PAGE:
The Word Cup, Round 4: The End Is Nigh
We're going to wrap up the slogans contest this week so we can move on to the blunders bracket. The latter is all
ready to go, and will commence on Friday.
Anyhow, in the quarterfinals of the presidential slogans, these were the results:
- Hope (66.6%) defeats Make America Great Again (33.4%)
- A New Deal for America (78%) defeats Tippecanoe and Tyler, Too! (22%)
We thought "Make America Great Again" might just nip "Hope"; we certainly did not anticipate a blowout in the other
direction. On the other hand, we did expect "A New Deal for America" to win in a walk.
A few reader comments on these matchups:
- P.W. in Springwater, NY: I also voted for "Tippecanoe" over "New Deal," which was not my
original plan. I do think the New Deal, as FDR envisioned it, was impactful at the time and still impactful today.
Social Security and other safety net programs are ingrained in our society, no matter how many times others try to
reverse or repeal them. But in thinking about the impact on the election, given where the country was in 1932, I think
FDR would have won with any slogan—or no slogan at all. But Harrison? It always seemed to me that the slogan really
helped put him over the top.
- M.F. in Burbank, CA: "Make American Great Again" over "Hope." Each slogan helped its
respective candidate into the White House, but only one really survived after that person left. Many people are still
actively trying to "Make America Great Again," and likely will for a long time, but "Hope" is nowhere to be found. MAGA
Republicans are very much a thing. Hope Democrats are not. And since I am trying to choose which slogan has greater
impact, and not which slogan I like better (or which candidate I like better), in my mind "MAGA" has defeated what
little "Hope" I have left.
- S.D.R. in Raleigh, NC: "Hope" defeats "MAGA," because of course it does
"A New Deal for America" defeats "Tippecanoe and Tyler, Too!" The former actually promises something, whereas the latter
- M.N. in Lake Ann, MI: I had a hunch from the start that "Hope" and "Make America Great Again"
would end up head-to-head. I had to think long and hard about this because I don't think we can deny that MAGA set off a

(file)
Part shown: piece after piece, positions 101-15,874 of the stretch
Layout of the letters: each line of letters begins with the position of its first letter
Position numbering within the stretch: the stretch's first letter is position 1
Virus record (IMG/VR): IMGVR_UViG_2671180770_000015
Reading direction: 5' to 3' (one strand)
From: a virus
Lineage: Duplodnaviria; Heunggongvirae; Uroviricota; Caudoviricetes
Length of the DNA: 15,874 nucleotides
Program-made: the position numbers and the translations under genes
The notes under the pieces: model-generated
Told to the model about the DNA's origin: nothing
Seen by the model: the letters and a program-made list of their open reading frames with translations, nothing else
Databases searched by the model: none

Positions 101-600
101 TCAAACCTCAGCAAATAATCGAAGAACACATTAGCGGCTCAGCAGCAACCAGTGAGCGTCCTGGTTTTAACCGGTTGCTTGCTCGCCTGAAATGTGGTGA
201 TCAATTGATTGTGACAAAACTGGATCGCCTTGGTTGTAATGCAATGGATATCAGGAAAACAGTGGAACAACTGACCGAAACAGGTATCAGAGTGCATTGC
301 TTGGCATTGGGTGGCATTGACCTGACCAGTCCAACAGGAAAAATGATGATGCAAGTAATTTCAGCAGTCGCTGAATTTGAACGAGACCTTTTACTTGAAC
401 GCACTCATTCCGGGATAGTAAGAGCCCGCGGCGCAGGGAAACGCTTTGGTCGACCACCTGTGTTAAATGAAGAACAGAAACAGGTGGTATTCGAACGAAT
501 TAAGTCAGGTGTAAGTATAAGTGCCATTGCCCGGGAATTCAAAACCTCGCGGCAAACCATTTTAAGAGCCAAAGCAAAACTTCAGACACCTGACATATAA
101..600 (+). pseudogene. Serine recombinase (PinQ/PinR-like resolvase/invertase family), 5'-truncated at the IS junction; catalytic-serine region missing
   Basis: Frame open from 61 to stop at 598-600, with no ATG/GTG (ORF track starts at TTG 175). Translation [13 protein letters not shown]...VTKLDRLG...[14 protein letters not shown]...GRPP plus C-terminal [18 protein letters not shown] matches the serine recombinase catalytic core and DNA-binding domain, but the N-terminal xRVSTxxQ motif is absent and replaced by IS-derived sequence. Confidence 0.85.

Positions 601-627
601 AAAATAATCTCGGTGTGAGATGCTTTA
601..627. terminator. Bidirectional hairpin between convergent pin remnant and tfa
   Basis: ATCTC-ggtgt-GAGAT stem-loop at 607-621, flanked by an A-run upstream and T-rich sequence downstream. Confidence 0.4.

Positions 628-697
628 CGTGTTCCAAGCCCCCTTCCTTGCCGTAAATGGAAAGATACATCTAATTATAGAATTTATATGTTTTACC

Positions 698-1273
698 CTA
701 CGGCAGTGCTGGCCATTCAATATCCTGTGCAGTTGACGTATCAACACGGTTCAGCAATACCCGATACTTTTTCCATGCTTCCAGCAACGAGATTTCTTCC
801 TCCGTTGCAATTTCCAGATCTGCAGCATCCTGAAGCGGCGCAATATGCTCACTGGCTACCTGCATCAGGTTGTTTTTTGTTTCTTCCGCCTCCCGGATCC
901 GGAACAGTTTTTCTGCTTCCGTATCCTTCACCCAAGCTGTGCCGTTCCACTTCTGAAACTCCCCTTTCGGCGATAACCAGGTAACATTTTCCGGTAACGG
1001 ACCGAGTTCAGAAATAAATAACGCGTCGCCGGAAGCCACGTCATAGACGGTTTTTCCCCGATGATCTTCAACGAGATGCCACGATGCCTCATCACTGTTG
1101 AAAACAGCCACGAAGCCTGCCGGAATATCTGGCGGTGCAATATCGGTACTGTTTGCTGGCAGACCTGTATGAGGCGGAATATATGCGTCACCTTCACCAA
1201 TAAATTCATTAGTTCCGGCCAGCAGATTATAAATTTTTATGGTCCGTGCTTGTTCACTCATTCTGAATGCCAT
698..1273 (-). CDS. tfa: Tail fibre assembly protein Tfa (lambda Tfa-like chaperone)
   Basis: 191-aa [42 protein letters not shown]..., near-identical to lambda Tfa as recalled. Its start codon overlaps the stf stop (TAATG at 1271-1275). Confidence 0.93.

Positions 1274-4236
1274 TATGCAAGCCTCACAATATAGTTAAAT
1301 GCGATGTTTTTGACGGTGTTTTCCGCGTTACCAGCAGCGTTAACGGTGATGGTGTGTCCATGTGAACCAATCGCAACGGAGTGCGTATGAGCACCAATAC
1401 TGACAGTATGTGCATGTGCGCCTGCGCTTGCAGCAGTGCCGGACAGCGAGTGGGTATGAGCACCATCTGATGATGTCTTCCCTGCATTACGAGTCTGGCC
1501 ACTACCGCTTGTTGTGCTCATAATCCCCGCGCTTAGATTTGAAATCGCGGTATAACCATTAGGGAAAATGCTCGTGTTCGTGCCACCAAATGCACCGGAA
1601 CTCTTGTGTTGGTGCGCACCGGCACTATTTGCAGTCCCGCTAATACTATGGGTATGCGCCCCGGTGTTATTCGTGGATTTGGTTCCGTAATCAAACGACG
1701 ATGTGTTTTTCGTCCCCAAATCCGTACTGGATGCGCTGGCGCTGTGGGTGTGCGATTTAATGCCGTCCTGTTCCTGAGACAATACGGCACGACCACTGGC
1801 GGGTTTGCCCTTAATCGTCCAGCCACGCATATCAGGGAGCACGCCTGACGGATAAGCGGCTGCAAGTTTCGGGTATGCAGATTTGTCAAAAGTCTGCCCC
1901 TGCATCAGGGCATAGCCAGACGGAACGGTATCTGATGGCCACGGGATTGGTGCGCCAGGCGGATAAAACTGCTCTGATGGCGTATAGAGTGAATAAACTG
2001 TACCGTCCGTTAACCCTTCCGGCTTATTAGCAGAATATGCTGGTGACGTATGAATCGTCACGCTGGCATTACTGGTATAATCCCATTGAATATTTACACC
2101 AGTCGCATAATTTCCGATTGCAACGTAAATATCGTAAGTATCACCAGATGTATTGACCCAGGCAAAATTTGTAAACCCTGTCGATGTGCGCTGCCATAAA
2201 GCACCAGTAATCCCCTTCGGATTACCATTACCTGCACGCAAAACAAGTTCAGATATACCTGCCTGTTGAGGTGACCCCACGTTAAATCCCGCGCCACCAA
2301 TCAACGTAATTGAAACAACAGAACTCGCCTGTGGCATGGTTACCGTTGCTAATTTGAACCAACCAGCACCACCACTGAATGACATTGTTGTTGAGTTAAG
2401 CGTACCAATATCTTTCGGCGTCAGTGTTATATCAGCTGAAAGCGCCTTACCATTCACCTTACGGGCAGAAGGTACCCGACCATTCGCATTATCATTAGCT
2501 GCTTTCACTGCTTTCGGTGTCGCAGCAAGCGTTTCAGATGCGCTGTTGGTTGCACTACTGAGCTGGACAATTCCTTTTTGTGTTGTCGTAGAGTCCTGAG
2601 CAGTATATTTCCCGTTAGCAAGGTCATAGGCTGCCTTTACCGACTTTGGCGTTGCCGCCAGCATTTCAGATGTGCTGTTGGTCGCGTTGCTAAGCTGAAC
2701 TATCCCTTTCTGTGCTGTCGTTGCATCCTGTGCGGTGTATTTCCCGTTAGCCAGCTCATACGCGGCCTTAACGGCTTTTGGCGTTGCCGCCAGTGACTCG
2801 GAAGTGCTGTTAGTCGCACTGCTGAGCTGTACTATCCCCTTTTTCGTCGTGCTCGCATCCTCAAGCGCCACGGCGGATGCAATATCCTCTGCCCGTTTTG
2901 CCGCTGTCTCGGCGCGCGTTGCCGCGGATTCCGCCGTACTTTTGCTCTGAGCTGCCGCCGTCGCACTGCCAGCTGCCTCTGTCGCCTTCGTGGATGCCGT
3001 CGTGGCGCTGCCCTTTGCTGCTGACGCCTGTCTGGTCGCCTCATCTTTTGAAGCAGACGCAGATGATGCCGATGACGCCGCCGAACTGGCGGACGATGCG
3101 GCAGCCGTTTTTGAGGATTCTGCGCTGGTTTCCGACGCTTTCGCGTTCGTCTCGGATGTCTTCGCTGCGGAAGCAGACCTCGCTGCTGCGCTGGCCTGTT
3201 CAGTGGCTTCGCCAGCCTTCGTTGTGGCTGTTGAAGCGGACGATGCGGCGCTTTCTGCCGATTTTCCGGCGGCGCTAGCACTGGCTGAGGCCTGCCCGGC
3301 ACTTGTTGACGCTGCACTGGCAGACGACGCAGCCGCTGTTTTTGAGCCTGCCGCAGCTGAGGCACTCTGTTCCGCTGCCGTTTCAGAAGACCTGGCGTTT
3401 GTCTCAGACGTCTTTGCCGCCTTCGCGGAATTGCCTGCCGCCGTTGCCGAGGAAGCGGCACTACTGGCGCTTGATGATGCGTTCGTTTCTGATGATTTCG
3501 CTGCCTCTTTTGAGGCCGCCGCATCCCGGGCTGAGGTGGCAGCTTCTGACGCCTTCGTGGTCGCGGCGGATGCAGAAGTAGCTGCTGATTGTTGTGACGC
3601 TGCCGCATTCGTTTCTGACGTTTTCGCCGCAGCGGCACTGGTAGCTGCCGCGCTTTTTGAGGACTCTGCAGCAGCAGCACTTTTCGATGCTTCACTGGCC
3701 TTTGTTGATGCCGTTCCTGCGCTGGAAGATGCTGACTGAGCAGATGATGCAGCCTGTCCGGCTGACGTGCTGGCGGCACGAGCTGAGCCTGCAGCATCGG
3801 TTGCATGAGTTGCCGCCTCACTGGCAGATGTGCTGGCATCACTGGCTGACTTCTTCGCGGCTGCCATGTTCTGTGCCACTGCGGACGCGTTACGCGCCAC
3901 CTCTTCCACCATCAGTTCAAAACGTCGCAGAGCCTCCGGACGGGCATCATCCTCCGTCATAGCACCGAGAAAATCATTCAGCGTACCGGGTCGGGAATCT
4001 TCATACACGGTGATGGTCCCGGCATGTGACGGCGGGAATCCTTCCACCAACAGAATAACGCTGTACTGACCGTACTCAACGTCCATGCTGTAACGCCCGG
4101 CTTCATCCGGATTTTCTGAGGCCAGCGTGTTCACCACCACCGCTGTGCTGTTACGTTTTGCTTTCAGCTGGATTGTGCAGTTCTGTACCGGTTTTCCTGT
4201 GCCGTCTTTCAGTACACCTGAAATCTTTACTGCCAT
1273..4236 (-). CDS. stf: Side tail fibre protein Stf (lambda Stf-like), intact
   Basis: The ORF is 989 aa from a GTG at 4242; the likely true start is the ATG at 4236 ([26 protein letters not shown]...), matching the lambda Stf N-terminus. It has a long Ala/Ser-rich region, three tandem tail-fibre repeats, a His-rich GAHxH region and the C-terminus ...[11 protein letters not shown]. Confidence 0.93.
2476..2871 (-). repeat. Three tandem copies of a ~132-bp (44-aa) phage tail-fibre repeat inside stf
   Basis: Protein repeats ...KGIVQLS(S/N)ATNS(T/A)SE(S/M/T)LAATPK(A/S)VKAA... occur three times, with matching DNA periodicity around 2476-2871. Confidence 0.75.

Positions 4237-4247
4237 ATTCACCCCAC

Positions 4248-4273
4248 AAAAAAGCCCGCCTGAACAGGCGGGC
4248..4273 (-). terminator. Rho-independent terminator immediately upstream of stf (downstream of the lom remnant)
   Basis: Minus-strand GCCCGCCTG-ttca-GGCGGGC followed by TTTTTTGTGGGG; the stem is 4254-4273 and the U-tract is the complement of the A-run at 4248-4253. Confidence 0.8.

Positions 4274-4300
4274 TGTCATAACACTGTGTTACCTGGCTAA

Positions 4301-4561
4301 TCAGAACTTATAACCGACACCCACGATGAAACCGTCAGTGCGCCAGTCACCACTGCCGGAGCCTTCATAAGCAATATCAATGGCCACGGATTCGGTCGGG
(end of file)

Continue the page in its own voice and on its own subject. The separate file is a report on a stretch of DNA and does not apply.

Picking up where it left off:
chain of events that is still ongoing, and that seems like the definition of impactful, even if the impact is negative.
That said, "Hope" also set off a long chain of events, and one could even argue that "Hope" led directly to "MAGA." I decided
I wanted to be on the side of "Hope."
And... I had to vote to "Tippecanoe and Tyler, Too!" because I was born a Hoosier and went to university at Purdue, in
And in the quarterfinals of the non-presidential slogans, these were the results:
- We Shall Overcome (78.8%) defeats Black Lives Matter (21.2%)
- Give Me Liberty or Give Me Death! (95.5%) defeats Remember the Alamo! (4.5%)
That first matchup included two titans, but in the end, "We Shall Overcome" overcame. And as to
remembering the Alamo, well, the readers largely did not.
The reader comments on these matchups:
- J.N. in Las Vegas, NV: The choice between "Give Me Liberty or Give Me Death!" and
"Remember the Alamo" was a tough one, and I suspect I've come down on the losing side. My first reaction was to go with
Patrick Henry, reasoning that without the Revolutionary War and our split from Britain, there would never have been a
Texas rebellion, so "Give me Liberty" is de facto more impactful.
But the reality is that Henry made his passionate call to arms in Virginia less than a month before British troops
marched toward Lexington and Concord and more than a month after the crown declared that Massachusetts was in a state of
rebellion. In other words, Patrick Henry's speech is a fantastic bit of writing but likely had a minimal impact.
On the other hand, an independent Texas was not pre-ordained. The refusal of Santa Anna to take prisoners, instead
slaughtering the garrison including those who surrendered, galvanized public opinion both within an independent Texas
and inside the United States. The army of Texas experienced a large surge in recruitment and went on to win the Battle
of San Jacinto and eventually the war. A decade later Texas was part of the U.S. when we went to war with Mexico.
Ultimately there is more reason to believe that "Remember the Alamo" had a tangible impact on history than Patrick
Henry's fiery speech.
It is, to put it plainly, in vain to extenuate the matter.
- S.D.R. in Raleigh, NC: "We Shall Overcome" defeats "Black Lives Matter." I sincerely hope
that in the long run BLM will be as impactful as WSO has been. But at this moment WSO is the clear winner.
"Give Me Liberty or Give Me Death!" defeats "Remember the Alamo!" The question is which is more impactful on American
history, not Texas history. And without the sentiment behind "Give Me Liberty," there wouldn't be an American history to have an
- B.C. in Walpole, ME:
- O.B. in Los Angeles, CA: There would have been a Civil Rights Movement with or without "We
Shall Overcome." I am not sure there would have been a movement without the slogan "Black Lives Matter."
In the other matchup, I voted for "Give Me Liberty," because I make a habit of messing with Texas, whenever possible.
is the next ballot; and please do keep
sending those comments in.
The finalists will be unveiled tomorrow, so you have about 18 hours to cast your vote. (Z)
This item appeared on www.electoral-vote.com. Read it Monday through Friday for political and election news,
Saturday for answers to reader's questions, and Sunday for letters from readers.
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